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Find the speed of sound

  1. Apr 15, 2017 #1
    1. The problem statement, all variables and given/known data
    In this part of the lab you tracked a single peak as you moved a microphone in order to get a good value of the speed of sound. This question will lead you through a similar process with just two measurements.

    (The lab set up: speaker emitting the signal faced one microphone a certain distance x away. Measure Δt of the same peak in both positions)

    The graphs below show two sine-wave signals like you saw from a microphone positioned in front of a speaker in Part 3 of the experiment. The two dashed vertical lines represent the cursors of the oscilloscope, with the one on the right side (colored orange) tracking a peak of the sound wave as the microphone is moved. The position x of the microphone in front of the speaker and the time between the cursors Δt is shown below each graph.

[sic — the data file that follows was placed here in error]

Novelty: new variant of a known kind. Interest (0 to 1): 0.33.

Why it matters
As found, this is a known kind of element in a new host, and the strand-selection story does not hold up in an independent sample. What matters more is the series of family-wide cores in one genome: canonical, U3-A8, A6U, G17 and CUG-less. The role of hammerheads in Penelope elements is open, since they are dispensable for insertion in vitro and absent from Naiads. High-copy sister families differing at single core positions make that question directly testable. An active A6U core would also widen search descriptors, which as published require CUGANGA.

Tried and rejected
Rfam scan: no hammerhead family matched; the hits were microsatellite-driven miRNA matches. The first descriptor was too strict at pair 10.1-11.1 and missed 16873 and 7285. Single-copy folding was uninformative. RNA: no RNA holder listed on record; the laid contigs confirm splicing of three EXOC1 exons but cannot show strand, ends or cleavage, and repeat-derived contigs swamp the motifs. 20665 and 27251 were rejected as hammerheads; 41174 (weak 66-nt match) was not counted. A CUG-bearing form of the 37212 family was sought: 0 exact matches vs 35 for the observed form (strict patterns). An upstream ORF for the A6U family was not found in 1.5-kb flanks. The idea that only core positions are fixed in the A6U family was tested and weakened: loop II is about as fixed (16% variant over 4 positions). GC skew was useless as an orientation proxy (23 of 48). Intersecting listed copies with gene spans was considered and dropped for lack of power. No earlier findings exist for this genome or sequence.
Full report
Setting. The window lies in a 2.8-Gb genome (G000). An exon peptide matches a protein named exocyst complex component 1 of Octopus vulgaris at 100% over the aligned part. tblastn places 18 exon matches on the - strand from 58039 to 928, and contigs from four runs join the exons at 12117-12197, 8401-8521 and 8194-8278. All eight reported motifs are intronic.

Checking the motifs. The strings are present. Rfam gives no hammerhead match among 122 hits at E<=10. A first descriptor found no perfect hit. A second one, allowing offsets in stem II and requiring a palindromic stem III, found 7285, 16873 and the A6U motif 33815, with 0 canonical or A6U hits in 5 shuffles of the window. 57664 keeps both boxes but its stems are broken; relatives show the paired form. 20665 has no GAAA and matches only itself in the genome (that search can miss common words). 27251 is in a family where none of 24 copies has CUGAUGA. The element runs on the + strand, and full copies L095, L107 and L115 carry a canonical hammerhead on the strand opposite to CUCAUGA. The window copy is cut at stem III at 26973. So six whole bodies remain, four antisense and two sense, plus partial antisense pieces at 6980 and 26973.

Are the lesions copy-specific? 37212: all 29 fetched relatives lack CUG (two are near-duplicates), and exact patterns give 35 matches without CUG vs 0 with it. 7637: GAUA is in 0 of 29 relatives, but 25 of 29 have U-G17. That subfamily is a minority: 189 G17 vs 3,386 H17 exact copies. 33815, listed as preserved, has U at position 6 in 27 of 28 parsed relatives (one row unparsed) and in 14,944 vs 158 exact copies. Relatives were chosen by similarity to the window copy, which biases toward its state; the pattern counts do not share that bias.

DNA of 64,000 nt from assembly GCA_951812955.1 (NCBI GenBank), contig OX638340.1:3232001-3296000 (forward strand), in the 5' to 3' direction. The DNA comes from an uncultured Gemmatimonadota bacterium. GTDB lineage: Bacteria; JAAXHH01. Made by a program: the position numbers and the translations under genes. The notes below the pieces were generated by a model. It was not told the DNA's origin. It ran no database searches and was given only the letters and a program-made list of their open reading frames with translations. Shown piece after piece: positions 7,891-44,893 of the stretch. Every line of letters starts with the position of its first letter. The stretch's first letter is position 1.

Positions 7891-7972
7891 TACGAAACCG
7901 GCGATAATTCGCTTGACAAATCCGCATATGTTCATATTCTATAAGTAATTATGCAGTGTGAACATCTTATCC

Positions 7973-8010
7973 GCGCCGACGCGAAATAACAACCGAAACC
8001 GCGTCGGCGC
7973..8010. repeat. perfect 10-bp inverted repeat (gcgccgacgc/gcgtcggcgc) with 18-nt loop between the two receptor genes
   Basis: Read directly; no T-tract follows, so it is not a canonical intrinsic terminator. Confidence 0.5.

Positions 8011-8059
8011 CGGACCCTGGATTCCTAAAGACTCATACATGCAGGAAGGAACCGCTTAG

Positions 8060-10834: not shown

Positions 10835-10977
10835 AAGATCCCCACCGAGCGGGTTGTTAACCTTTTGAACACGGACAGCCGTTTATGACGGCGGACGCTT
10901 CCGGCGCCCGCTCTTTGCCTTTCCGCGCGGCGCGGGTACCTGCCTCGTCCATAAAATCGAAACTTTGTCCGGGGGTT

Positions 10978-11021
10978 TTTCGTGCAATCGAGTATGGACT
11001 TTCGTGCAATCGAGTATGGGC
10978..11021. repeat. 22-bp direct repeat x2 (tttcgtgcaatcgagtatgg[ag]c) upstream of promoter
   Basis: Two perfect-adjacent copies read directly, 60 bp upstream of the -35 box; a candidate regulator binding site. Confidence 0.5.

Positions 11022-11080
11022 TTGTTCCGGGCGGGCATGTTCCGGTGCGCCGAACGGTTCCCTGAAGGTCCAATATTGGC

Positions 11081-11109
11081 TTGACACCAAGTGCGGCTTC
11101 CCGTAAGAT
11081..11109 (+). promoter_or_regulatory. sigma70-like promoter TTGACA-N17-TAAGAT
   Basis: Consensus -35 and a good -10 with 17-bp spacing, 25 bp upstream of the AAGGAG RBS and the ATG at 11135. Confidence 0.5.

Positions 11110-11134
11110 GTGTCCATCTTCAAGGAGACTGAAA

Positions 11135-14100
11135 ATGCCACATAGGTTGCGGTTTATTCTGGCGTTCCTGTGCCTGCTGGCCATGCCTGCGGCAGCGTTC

f1.gif
    Mic position: x = 5.00 cm. Cursor difference: Δt = 0.0828 ms
    f1v3d0.gif
    Mic position: x = 20.0 cm. Cursor difference: Δt = 0.511 ms
    Answers have to be correct within 2%

    2. Relevant equations

    velocity = Δx / Δt

    3. The attempt at a solution
    convert all units to standard units
    1) mic position = .05 m , cursor difference = 8.28 * 10^-5 s
    2) mic position = .2 m , cursor difference = 5.11*10^-4 s

    velocity = (.2 - .05) / (4.282 * 10^ -4)
    velocity = 350.3 m/s

    I input this answer online, but it says it is wrong... check rounding or significant figures. I tried slightly different numbers, like rounding 4.282 * 10^-4 to 4.28 * 10^-4, giving me an answer of 350.5 but it is still wrong... rounding it up to 351 doesn't work either and I suspect rounding down to 350 also will not work because it is within 2% of my initial answer.... did I make some kind of mistake elsewhere?
     
  2. jcsd
  3. Apr 16, 2017 #2

    mfb

    User Avatar
    2016 Award

    Staff: Mentor

    I get the same result.

    There is no obvious modification that would lead to an answer more than 1% away but still within realistic values for the speed of sound.
     
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